The connection between your overall physical health and oral hygiene is becoming increasingly clear. Gum disease has been associated with cardiovascular disease. It also can affect your ability to chew properly. This is very important. It ensures that you can give your body the fuel it needs to run at top efficiency.
Unfortunately, gum disease develops slowly and with very few symptoms in the earliest stages. This means that you must partner with your dentist to understand the stages of gum disease. He or she will discuss with you the best methods for treating it so that you can preserve your teeth.
Stages of Gum Disease:
This first stage of gum disease is the most common among both children and adults. The good news is that it is reversible. During this stage, your gums become slightly inflamed by bacteria in your mouth. There may be redness, swelling or bleeding that occurs when brushing your teeth. Dentists detect gingivitis during routine oral exams.
They will then make sure you understand how to properly brush and floss your teeth. Regular cleanings will be recommended. And, possibly, a special rinse to reduce bacteria around your gum line. The “pay off” of staying on top of your oral hygiene routine will be a positive review at your next dental exam.
This stage is marked by deeper pockets around your gum line. And damage to the soft tissues in your mouth and jawbone. When you look in the mirror you may notice that your gums are bright red, puffy and creating spaces between your teeth. Your gums may be tender to the touch. They may hurt when brushing your teeth.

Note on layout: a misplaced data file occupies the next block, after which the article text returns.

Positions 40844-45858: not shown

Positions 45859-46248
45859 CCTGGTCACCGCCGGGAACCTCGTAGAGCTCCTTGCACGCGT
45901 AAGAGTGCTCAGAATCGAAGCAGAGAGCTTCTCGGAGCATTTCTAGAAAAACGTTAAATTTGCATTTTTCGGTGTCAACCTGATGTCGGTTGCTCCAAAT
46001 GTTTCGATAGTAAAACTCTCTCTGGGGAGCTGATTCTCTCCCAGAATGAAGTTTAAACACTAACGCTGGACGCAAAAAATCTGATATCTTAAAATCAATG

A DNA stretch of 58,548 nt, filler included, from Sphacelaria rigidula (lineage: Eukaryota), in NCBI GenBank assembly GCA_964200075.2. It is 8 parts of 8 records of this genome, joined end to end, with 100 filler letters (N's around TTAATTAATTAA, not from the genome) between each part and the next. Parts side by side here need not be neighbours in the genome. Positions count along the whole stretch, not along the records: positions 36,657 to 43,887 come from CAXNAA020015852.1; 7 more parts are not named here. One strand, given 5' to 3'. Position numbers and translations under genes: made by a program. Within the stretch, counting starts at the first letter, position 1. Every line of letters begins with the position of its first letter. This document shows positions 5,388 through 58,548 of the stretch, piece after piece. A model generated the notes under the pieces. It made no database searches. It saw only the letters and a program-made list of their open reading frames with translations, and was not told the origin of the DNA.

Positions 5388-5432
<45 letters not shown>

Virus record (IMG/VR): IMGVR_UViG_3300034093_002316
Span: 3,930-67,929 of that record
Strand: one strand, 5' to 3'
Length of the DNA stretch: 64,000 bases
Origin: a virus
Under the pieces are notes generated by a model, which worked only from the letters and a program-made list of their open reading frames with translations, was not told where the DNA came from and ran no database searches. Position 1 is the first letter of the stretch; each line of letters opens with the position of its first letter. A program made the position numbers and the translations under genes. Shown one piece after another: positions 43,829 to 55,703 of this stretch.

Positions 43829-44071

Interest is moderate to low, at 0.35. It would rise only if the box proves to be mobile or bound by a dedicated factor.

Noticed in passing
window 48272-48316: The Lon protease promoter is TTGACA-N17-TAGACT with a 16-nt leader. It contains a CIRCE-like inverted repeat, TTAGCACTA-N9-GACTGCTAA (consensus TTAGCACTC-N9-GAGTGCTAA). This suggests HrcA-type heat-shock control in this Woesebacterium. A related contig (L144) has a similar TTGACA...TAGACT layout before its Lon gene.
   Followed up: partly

Pus can also form around your teeth. And you may notice a foul taste when eating. It may not be possible to completely reverse the damage to your bones at this point. But your dentist can halt the progression of the disease by performing a deeper cleaning. This will involve scaling and root planing. It helps remove the plaque and tartar causing the infection around your gums. It also helps prohibit further inflammation.
The final stage of gum disease occurs when serious bone loss is detected. Bacteria will have begun to destroy the tissues that hold your teeth in place. At this point, teeth will begin to shift and loosen.
The appropriate support structures in your mouth are no longer there. Sadly, tooth extraction is sometimes necessary to begin restoring the mouth to a better state of health. This stage is often upsetting for patients. But it is reassuring to know that your dentist can still do many things to preserve your remaining teeth and soft tissues using advanced surgical and tooth cleaning techniques.
Brushing your teeth twice a day is a great way to keep them white and shiny. Always remember that oral hygiene goes deeper than just the surface. Gum disease is preventable with regular dental exams and cleanings. So, maintain your treatment plan. And see your dentist at the first sign of periodontal disease.